The Myth of Commercial Tech Support

by Steven J. Owens (unless otherwise attributed)

A guy on a mailing list wrote:
>I found a free engine for adding a discussion forum to our Web site
>[...] and it looks like just the ticket for what I want to
>do. [...] Unfortunately, because it is freeware (GNU Public
>License), there is no support available.

What bugs me is that assumed causal relationship - "because it is freeware there is no support available." In fact, the lack of support is probably not at all related to the fact that it's free software. Now I'm afraid I have to go off on a rant (not directed at you personally, of course) about the myth of technical support being available (let alone better) for commercial software.

I used to write docs professionally, but I develop software for a living now. Back when I wrote docs, I dealt with the tech support guys in-house a lot, and I even did a one-week stint working in tech support. I know those folks worked hard. Since making the switch to development, I've dealt a lot with the commercial software world from the other side. The idea that commercial software is supported is a myth. I've found that the support companies offer is often literally non-existent, or consists largely of:

"Yeah, you can't do that."

"Oh yeah, we know about that one, that's a known bug."

"Did you make sure it's plugged in? Okay, going to line 2 on my checklist..."

"Just let me jot this down and I'll research it and get back to you - now you said you're using this 'computer' thing to do what?"

I'll include one specific story here, though of course I can't identify the culprit or I'd get sued (or at least threatened :-). I was consulting for an Extremely Large Financial Institution that had paid a heck of a lot of money for a certain "platform". They had also paid $75,000 a year for "gold level support".

We were using their spiffy special proprietary "migration tool", e.g. dump out the database on one installation and reimport it on another. This proprietary tool used a proprietary "binary" format. The reason we were using this tool is that the vendor's salesgorts convinced some MBA that their platform would include supporting staging content from a development server, to a QA server, to the production server. As it turns out, their fix for staging was to run the export/import tool. Unfortunately, the damn thing was dying on import, with a cryptic message about an invalid value.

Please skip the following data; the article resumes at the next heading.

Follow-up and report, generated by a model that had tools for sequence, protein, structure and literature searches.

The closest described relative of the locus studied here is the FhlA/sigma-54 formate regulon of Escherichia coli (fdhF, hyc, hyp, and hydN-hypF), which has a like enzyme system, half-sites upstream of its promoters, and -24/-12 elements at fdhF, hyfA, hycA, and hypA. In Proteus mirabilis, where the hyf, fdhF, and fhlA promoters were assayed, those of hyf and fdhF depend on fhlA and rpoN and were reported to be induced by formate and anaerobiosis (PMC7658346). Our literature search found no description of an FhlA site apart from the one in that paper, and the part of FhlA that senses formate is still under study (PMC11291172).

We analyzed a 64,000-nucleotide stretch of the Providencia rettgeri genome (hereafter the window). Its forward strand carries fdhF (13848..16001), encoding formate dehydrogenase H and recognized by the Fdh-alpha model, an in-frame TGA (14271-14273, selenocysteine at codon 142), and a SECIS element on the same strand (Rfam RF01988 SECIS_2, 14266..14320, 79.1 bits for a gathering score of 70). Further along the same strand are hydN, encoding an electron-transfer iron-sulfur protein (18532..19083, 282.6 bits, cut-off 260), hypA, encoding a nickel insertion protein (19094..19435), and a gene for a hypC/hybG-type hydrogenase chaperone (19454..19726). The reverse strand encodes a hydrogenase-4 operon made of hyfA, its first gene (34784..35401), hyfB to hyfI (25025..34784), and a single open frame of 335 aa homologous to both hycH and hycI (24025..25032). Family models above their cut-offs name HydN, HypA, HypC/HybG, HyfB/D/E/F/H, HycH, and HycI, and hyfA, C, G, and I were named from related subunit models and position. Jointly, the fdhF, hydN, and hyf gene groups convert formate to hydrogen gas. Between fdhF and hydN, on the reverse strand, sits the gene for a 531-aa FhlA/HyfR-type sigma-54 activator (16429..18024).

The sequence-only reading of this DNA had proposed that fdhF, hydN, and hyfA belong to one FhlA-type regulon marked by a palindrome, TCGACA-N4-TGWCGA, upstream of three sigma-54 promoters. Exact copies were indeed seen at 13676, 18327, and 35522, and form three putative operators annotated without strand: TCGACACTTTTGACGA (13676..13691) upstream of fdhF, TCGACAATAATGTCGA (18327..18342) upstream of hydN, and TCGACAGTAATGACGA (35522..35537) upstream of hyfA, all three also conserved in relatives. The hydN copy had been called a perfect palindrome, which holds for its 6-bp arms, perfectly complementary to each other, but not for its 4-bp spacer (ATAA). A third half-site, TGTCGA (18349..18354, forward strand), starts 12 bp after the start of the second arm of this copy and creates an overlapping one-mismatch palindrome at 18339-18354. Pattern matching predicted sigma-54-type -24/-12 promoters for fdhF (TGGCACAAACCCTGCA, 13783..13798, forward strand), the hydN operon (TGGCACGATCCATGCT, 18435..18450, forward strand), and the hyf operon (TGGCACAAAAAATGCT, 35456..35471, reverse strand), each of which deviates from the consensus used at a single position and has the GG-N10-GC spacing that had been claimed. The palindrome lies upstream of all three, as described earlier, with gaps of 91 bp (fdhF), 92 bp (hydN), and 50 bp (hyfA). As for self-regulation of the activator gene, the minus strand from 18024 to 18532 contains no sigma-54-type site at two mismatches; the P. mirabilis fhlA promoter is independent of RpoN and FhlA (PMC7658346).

After a few days of spinning around and around, much of that dealing with the vendor's "award-winning support" (a phrase they used repeatedly), who were helpless, I finally cracked open the export file to sort it out myself. I figured out that the "binary file format" was just a renamed tar file of a directory structure containing several files, including an Oracle SQL*Loader file. The problem was that the export had translated a blank value to an empty value in a comma-delimited line, instead of translating it to the SQL value null.

I fixed this value, tarred it back up, re-ran the import, and presto, everything worked fine. I pulled the support request on the vendor's web site and reported the resolution, figuring at least I'd save somebody else the frustration. Also, by being helpful, I might gain some technical credibility with the support folks, and maybe the next time I had to call them we could skip past the "is it plugged in" stage.

The response was "Oh, that's a known bug."

Free software - which is by definition open source, although not all open source software is free, and certainly not all open source software is "free software" - may not be any better supported (witness this aspforums thing) but more often than not, it is.

Additionally, searching for resources for free software or open source software is a "broad and shallow" search across the internet. Commercial software, tends to require either winding your way through a maze of tech support menus, or a "narrow and deep" search in a private web site (cf. Oracle's technet, or Microsoft's knowledge base). Guess which domain has had countlessly more time and effort spent on developing good search tools?

Finally with the source available, somebody who knows programming can crack open the code and figure out what's going on if there's a bug in mission-critical software. This is not always a "last resort", either, sometimes it's the first thing I check! And while having to publish the source doesn't guarantee cleaner and more understandable code, it certainly encourages it.

By the way, if you're interested in finding some forum software for your site, I suggest you read up on the different options at:

See original (unformatted) article


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